Mohamedou Ould Slahi’s book Guanta? namo Diary is a work that deals intensely in complicated themes. Concerns of morality, accusations of terrorism, and descriptions of torture abound in his story, but it is the subtle undercurrent of fatality throughout the publication that I discover most challenging. Slahi uses references to both death and the remainder as a metaphor for the trauma that those imprisoned in Guanta? namo Bay include suffered.
Slahi toxins no time in drawing after this sort of images in his writing. At the beginning of the first section, he says, inch… I provided all my holes at the beginning of the expedition, that was like the border between death and lifestyle. ” (5). In this passage, Slahi begins by assessing his trip toward captivity with a state of indeterminatezza. It parallels the idea of purgatory, in which one that has passed off their life on the planet is forced to hold in the stability, unaware of what lies in advance. This is exactly what offers happened to Slahi, living he knew has been sculpted from him, and he will not know what destiny awaits.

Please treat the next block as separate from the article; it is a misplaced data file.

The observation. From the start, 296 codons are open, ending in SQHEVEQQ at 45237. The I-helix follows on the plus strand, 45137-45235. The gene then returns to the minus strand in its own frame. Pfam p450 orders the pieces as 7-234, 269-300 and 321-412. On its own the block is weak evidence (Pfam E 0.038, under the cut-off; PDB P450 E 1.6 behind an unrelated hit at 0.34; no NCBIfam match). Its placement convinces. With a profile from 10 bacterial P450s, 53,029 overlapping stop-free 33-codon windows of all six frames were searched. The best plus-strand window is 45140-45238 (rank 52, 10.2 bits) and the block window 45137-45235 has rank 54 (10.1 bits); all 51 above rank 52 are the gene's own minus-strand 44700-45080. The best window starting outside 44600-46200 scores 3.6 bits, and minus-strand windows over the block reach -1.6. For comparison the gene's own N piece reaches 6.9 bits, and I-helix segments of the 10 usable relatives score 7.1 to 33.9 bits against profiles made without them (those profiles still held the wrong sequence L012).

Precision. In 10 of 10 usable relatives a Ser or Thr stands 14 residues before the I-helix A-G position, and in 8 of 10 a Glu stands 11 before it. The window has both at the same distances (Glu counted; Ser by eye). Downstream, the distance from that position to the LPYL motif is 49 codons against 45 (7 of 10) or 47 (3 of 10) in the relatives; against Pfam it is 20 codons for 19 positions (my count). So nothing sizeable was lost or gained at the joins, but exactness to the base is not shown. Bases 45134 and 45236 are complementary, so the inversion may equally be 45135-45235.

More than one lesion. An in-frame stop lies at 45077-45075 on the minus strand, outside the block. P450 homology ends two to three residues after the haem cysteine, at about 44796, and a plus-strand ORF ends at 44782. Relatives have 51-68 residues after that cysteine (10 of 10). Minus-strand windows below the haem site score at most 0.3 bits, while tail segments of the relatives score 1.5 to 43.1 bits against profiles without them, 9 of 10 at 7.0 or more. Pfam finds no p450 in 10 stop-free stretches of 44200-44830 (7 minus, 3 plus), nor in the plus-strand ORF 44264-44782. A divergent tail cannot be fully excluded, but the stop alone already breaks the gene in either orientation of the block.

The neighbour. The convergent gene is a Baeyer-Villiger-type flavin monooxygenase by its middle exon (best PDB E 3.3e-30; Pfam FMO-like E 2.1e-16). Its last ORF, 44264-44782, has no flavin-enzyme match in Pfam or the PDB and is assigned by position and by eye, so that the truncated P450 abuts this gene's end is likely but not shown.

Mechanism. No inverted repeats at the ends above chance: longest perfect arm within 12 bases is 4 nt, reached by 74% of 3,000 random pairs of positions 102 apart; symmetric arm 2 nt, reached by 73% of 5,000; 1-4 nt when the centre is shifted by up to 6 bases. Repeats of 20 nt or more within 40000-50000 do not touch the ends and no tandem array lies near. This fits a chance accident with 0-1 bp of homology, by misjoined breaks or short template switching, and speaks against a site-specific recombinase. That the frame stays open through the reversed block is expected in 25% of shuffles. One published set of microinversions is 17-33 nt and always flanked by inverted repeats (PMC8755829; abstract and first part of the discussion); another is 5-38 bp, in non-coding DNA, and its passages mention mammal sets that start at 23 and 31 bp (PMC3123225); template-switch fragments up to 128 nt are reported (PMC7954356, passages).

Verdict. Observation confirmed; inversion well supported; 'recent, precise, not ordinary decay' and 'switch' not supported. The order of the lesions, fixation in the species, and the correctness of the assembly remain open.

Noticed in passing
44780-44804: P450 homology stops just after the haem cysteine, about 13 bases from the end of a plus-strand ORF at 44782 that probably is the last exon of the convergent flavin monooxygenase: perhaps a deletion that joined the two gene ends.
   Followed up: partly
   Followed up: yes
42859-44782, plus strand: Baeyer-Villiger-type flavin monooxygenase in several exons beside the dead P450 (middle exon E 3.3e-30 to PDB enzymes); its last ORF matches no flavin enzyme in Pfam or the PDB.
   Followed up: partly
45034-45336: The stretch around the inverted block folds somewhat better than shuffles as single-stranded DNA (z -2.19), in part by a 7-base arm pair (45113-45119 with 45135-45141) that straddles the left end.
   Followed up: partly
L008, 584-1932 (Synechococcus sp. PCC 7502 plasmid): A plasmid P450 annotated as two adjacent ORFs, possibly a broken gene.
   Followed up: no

The second portion of the same passing connects to concepts of death plus the afterlife as well, but in a different way. Slahi says: “I desired I had been better to people. I wanted I were better to my loved ones. I regretted every mistake I produced in my life, toward God, toward my family, toward anybody” (5). His reflections on his own existence and misgivings are much just like those of somebody lying on their deathbed. The moment faced with the inevitable end, people frequently look again at everything they failed to do. The moment faced with the end of his life as he knows it, Slahi does the same. In drawing this kind of comparison, he subtly highlights his chasteness as well. A guilty person might in the end have misgivings about what they did, an innocent one rather reflects on what they did not do.
The symbolism becomes more obvious as the novel begins to delve much deeper into Slahi’s story. When Slahi is definitely loaded onto the plane to Guanta? namo, he identifies himself because “a living dead” (28). After being forced to go through extreme difficulties during his transfer, this individual begins to observe himself to be truly dehumanized by his captors. The concept of being “a living dead” connects for this. A dead body is sometimes viewed as more of a subject than an actual person, the majority of cultures begin to see the soul or perhaps self since having currently departed from it. Slahi feels that he is “a living dead” because although he is a conscious, inhaling and exhaling human being, he is being treated like a without life body that can be tossed about and mistreated.